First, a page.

In numerical holography one constructs in a computer a map of the locations of reflecting interfaces. Any place in space where the material impedance undergoes a jump is called a reflector. Since it is the waves which we observe, not the material, we need an operational definition of a reflector in terms of waves. A simple such definition is that reflectors are the loci of points in space where an impulse of incident radiation is time coincident with the reflected radiation. This definition may be recast into the frequency domain, may be extended to multiple reflections, and may be elaborated on in a number of other ways. In many geometries this definition may not include all of the impedance contrasts simply because they are not illuminated. Reflector mapping formulas are taken up in more detail by Claerbout (1970). Here we intend to take up some practical aspects of computing the incident and scattered wave fields. Associated with a given spatial coordinate the scalar wave equation has two solutions. For use in holography it is essential to separate the two solutions, that is, it is of no use to solve the wave equation if the solution cannot be split into its two parts. In diffraction theory one manipulates exp(imr)/r and exp(-imr)/r, the two solutions of the wave equation. In seismology one speaks of down-going waves and up-going waves. We seek two equations, one to control the waves from the source to the reflectors and the other to integrate backwards from the area of observation back toward the reflectors.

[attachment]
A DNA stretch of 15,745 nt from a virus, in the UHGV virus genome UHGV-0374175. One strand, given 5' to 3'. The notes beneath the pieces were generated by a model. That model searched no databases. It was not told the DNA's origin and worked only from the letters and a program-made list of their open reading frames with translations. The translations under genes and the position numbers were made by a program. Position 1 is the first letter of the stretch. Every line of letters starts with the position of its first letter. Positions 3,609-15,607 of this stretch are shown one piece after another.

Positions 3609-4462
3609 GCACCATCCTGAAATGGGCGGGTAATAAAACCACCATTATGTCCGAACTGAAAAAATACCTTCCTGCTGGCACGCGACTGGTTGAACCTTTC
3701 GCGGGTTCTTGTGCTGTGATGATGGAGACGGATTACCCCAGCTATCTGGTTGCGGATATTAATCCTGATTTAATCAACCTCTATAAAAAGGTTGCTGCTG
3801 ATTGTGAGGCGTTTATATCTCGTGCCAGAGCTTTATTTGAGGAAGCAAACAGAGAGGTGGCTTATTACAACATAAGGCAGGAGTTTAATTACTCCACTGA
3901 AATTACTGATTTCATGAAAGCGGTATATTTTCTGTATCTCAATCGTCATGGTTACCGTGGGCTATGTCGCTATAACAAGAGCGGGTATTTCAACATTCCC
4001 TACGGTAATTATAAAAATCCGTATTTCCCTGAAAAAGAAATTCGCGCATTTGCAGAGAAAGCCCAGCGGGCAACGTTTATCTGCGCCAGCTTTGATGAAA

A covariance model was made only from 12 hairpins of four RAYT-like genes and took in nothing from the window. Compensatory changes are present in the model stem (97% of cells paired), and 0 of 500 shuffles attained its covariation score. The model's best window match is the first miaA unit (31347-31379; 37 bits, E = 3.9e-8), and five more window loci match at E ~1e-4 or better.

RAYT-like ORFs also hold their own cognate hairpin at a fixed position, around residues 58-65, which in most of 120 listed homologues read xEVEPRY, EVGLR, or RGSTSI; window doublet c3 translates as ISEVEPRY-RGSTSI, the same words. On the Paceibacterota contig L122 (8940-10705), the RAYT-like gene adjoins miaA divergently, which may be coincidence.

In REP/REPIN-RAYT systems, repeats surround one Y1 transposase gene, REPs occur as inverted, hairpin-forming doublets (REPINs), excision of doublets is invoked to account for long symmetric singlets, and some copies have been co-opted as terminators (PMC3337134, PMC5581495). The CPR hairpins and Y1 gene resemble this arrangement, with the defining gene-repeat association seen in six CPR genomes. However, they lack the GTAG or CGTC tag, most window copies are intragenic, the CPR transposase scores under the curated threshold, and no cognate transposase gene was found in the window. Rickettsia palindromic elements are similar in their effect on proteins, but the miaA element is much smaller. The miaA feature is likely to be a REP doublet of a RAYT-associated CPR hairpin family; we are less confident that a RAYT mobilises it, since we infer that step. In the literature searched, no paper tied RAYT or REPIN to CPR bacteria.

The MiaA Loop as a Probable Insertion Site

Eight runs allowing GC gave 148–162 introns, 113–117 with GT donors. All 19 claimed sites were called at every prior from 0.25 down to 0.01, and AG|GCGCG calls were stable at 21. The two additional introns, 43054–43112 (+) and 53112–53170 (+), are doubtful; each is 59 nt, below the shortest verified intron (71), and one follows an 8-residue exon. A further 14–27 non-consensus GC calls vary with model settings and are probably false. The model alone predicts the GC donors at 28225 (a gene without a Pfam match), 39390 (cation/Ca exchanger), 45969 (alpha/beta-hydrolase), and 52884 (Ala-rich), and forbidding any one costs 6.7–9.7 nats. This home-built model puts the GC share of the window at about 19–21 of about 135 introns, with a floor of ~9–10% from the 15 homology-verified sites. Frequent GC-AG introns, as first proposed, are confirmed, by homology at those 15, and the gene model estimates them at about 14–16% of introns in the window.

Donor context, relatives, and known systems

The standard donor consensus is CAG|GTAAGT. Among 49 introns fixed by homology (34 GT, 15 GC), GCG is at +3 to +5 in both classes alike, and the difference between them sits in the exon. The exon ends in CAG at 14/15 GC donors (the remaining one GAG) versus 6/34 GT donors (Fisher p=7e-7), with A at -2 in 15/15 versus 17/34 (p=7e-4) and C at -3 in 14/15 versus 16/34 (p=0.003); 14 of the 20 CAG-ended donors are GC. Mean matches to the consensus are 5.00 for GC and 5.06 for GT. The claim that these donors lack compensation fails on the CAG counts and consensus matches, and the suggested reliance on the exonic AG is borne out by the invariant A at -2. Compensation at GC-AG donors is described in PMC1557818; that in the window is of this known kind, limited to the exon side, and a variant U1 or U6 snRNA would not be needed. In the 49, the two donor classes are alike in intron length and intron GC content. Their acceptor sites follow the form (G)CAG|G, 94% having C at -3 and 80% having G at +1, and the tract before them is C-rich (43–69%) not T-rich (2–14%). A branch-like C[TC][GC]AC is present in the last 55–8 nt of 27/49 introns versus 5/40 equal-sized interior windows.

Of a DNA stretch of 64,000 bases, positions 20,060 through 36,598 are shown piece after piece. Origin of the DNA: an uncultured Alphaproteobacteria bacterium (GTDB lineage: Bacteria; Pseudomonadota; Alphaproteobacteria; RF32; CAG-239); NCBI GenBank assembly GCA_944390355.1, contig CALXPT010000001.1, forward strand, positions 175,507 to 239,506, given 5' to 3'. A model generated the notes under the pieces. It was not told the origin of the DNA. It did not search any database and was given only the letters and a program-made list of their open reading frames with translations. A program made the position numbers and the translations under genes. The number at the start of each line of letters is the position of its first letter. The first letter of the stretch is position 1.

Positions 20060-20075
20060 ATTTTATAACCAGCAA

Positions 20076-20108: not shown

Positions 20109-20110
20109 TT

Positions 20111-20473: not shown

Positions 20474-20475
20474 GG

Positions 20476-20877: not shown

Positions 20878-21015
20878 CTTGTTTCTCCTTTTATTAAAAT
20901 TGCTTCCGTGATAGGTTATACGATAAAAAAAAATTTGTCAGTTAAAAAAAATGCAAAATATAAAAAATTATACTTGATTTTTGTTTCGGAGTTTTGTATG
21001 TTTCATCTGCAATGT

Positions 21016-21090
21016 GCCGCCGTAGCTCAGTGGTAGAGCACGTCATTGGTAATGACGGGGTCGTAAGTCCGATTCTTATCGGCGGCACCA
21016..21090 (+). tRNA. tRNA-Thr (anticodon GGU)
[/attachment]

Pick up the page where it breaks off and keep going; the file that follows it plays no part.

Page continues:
KeywordsWave Equation Phase Velocity Group Velocity Coarse Grid Schroedinger Equation
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- 1.J. F. Claerbout, Toward a Unified Theory of Reflector Mapping, Geophysics, in press, perhaps 36(1)(1971).Google Scholar
- 2.J. F. Claerbout, Coarse Grid Calculations of Waves in Inhomogeneous Media With Application to Delineation of Complicated Seismic Structure, Geophysics, 35(3)(1970).Google Scholar